An insured operated a BP service station (why do we still call self-serve petrol outlets ‘service’ stations?) in Sydney. Petrol leaked from the site into a nearby sewer, and eventually, there was an explosion of petrol vapour.

The insured arranged and paid for works to both rectify the sewer and to prevent further petrol leakage. It then went to its public liability insurer for reimbursement of the $1.2 million which it had spent, but indemnity was refused and litigation ensued.

A NSW Supreme Court judge decided that although the insured had spent the money before it had received a third party demand, its liability for damages had crystallised when the damage occurred.

Further, it made no difference that some leaking had occurred before the insurer came on risk because the relevant damage was caused by the explosion rather than by the leaking itself.

Although the insured had a statutory obligation to repair the sewer damage, it also had a liability for damage caused by its negligence or nuisance. The insured had discharged such liability by rectifying the damage. So the damage fell within the operative clause of the policy and the insured was entitled to indemnity in respect of the amount which it had spent on rectifying the damage.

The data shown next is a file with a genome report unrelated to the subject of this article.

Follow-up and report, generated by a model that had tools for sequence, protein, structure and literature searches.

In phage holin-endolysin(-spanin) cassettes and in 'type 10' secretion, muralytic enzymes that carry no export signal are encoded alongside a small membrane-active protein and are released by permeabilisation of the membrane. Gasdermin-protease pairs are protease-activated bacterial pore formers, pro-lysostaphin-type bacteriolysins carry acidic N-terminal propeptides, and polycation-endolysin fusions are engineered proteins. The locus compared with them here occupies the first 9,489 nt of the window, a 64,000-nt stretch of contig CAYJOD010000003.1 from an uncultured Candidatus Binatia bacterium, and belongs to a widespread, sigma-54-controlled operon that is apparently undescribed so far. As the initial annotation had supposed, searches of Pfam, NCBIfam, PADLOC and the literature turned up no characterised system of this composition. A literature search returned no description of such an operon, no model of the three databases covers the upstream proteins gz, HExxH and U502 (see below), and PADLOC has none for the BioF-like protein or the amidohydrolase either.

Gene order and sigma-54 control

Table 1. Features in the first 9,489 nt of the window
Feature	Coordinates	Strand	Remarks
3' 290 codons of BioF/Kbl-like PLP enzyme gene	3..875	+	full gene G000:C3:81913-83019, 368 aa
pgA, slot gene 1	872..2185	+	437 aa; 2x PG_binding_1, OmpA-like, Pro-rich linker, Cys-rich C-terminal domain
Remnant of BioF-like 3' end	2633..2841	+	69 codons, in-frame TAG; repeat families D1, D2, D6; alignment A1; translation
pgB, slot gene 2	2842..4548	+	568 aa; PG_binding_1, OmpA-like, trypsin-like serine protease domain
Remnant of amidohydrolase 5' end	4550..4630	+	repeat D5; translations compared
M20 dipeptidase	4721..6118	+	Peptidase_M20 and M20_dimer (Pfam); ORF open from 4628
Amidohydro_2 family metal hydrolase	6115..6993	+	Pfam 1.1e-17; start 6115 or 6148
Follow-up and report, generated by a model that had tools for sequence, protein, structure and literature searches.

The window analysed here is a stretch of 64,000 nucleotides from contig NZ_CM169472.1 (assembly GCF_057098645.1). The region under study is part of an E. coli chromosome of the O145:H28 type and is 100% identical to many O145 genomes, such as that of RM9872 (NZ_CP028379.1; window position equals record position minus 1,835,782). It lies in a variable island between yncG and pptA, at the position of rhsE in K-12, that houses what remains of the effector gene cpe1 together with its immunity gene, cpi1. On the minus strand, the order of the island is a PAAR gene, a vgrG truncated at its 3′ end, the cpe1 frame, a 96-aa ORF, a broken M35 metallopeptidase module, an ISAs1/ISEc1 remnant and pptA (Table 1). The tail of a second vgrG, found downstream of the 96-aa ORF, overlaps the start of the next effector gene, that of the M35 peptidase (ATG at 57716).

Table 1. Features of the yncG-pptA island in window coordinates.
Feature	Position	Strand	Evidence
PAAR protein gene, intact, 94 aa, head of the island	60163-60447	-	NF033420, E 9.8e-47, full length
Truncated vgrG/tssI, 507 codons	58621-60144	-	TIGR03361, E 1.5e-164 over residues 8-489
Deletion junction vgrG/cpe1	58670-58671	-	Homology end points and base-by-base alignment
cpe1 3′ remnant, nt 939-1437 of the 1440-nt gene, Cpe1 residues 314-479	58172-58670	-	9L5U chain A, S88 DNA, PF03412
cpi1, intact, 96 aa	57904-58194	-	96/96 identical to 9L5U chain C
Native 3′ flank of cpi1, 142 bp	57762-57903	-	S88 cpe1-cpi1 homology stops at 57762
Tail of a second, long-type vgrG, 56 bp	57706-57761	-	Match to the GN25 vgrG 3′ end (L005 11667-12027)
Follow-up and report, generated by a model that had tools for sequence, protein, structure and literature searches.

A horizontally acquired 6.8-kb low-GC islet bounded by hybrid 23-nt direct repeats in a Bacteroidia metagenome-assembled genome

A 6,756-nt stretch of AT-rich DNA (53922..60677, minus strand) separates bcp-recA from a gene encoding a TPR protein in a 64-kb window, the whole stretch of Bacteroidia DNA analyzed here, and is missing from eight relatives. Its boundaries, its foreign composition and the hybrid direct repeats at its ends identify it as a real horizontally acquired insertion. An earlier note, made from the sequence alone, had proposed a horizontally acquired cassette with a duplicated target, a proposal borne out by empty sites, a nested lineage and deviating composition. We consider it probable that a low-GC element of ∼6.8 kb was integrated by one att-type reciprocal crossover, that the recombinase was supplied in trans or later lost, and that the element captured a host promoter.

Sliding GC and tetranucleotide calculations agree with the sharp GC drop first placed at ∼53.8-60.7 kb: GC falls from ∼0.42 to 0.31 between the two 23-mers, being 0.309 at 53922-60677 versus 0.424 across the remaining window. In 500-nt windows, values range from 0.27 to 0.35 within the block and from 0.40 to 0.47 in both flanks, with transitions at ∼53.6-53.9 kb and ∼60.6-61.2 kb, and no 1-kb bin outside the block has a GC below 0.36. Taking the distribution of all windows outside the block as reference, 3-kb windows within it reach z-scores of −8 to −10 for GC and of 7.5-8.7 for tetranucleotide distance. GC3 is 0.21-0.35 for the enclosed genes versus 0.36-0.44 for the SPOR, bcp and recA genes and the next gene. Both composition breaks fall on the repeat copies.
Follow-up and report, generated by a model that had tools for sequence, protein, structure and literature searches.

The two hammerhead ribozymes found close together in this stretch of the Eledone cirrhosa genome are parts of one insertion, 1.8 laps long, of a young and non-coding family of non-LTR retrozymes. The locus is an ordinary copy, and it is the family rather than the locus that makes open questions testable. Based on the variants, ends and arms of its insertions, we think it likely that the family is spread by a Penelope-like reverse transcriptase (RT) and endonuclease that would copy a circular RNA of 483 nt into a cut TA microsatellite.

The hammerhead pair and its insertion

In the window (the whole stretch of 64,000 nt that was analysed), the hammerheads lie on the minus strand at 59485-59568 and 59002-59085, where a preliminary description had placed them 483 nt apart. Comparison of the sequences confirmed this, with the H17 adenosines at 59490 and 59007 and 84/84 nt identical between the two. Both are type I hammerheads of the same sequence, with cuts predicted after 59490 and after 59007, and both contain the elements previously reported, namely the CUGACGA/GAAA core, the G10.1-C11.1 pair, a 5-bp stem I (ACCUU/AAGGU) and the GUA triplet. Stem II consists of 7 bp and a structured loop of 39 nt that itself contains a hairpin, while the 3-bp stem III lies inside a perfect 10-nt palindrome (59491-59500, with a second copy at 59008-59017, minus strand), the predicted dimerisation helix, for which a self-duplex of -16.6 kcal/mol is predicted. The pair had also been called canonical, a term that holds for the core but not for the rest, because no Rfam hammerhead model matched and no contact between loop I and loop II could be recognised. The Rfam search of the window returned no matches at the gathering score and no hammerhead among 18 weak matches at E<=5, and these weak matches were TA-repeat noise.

However, the judge declined to allow the majority of the claim, which was for the cost of preventing further leakage because that was not part of the cost of rectifying the explosion damage.

Finally, the insurer attempted to rely on a policy limitation of ‘pollution liability’, which limited cover to pollution as the direct result of a sudden, specific and identifiable event. The judge found that the petrol leakage was the result of such an event because the major leakage occurred during a couple of months following the failure of a valve.

Amashaw Pty Ltd v Marketform Managing Agency

Pollution liability claims can be problematic because the contamination often occurs over a prolonged period of undetermined duration. In this case, the task for the judge was made easier by the fact that the claim revolved around damage caused by an explosion of accumulated petrol vapours.